Disadvantaged Communities More Likely to Have Increase in Greenhouse Gases Under Cap-and-Trade Policies

MedicalResearch.com Interview with:

Lara Cushing PhD Assistant Professor of Health Education, College of Health and Social Sciences San Francisco State University 1600 Holloway Avenue San Francisco, CA 94132

Dr. Cushing

Lara Cushing PhD
Assistant Professor of Health Education, College of Health and Social Sciences
San Francisco State University
San Francisco, CA 94132

MedicalResearch.com: What is the background for this study?

Response: More and more countries are adopting cap-and-trade programs as a way to reduce emissions of greenhouse gases to address climate change. These efforts can lead to short-term health benefits because when you reduce greenhouse gas emissions, you usually also reduce emissions other harmful air pollutants that can cause cardiovascular disease, asthma and cancer.

However, environmental equity concerns were raised early on about whether cap-and-trade would result in localized differences in emissions reductions that would also result in uneven reductions in harmful co-pollutants, such as particulate matter and air toxics. This is because companies can trade pollution permits under a cap-and-trade system and choose to buy more permits rather than reduce their emissions locally. Prior studies show that low income communities and communities of color are much more likely to live near polluting industries.

MedicalResearch.com: What are the main findings? 

Response: We examined emissions of greenhouse gases and of other harmful air pollutants two years before and three years after trading under California’s cap-and-trade program – one of the world’s largest – began in 2013. We found that most greenhouse gas emissions reductions were occurring out of state through the importation of less carbon-intensive electricity or the purchasing of credits from “offset” projects in things like forestry and livestock production. 52% of regulated facilities reported increases in their annual average in-state greenhouse gas emissions, even while total emissions stayed well below the limit, known as a “cap”, set by the program.

We also found that disadvantaged communities – including neighborhoods with higher proportions of people of color and low-income residents – were more likely to have experienced an increase in greenhouse gas and health-damaging co-pollutant emissions from regulated facilities nearby than were more advantaged communities. The co-pollutants we considered were particulate matter, nitrous oxides, sulfur oxides, volatile organic compounds and air toxics that can cause diseases like heart disease, asthma attacks and cancer.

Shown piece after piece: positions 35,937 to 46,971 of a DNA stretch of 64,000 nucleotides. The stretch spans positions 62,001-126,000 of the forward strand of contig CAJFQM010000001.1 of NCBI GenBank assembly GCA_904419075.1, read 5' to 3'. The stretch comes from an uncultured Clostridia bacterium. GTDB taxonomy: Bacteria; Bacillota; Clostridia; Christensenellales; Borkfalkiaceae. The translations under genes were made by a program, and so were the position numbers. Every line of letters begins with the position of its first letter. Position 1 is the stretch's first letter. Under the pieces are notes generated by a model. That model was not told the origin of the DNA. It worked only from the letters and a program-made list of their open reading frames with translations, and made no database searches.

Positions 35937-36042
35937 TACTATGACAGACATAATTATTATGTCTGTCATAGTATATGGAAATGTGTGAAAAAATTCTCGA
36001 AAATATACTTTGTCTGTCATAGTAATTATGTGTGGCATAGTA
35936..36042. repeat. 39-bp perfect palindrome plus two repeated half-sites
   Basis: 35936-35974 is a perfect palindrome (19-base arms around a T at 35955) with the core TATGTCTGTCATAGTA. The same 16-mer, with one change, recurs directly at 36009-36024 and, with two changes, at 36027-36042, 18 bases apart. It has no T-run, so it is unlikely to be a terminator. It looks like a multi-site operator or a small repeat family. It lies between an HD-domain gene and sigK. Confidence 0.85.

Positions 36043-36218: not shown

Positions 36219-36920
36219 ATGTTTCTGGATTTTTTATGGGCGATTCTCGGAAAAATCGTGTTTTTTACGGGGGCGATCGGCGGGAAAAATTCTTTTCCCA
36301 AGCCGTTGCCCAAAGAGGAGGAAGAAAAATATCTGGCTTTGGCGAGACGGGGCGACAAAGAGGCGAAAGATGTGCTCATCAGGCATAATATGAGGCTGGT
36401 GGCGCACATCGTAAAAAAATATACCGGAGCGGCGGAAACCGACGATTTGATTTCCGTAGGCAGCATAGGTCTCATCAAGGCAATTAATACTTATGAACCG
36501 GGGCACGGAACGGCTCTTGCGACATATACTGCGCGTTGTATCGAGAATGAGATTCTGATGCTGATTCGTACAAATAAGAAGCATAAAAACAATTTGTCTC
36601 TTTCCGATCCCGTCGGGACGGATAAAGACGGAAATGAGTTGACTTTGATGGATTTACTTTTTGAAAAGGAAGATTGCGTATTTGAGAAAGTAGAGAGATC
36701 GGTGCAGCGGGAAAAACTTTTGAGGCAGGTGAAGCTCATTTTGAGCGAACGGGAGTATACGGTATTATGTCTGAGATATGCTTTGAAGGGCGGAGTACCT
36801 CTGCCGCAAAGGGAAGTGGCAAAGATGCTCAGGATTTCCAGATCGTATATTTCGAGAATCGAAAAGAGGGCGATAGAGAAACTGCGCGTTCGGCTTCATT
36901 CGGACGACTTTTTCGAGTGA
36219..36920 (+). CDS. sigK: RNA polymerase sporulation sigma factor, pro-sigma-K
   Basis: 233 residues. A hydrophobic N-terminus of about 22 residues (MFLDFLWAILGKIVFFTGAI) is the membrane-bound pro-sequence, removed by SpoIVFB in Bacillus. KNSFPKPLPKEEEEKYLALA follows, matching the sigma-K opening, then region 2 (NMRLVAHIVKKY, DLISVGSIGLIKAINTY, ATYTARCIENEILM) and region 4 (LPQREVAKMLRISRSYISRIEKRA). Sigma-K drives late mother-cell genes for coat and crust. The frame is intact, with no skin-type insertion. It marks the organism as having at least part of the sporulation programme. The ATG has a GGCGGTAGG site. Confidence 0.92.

MedicalResearch.com: What should readers take away from your report?

Response: While California is on track in meeting its ambitious greenhouse gas reduction goals, disadvantaged communities within the state could benefit more from the program if a larger portion of emissions reductions occurred within the state. Reducing greenhouse gas emissions in disproportionately impacted communities would likely bring improvements in local air quality and associated health benefits to Californians.

MedicalResearch.com: What recommendations do you have for future research as a result of this work?

Response: Future research should explore ways to incentivize steeper in-state reductions in greenhouse gas emissions and harmonize efforts to achieve the state’s sustainability and environmental equity goals. This might include placing geographic restrictions on trading or reducing the role of offsets in carbon trading programs. Future research on disparities in air pollutant emissions associated with California’s cap-and-trade program is also needed to see if the patterns we saw in our study change as the cap on greenhouse gases is tightened going forward. 

MedicalResearch.com: Is there anything else you would like to add?

Response: This study was led by myself and Dr. Rachel Morello-Frosch at the University of California, Berkeley with collaborators from UC Berkeley, the University of Southern California, and Occidental College in Los Angeles. The work was funded by California Office of Environmental Health Hazard Assessment and the Institute for New Economic Thinking, The funders had no role in study design, data collection and analysis, decision to publish, or preparation of the manuscript.

Citation:

Carbon trading, co-pollutants, and environmental equity: Evidence from California’s cap-and-trade program (2011–2015)

Lara Cushing , Dan Blaustein-Rejto,, Madeline Wander, Manuel Pastor, James Sadd,, Allen Zhu, ,Rachel Morello-Frosch

Published: July 10, 2018 PLOS Medicine

Jul 12, 2018 @ 9:50 pm

 

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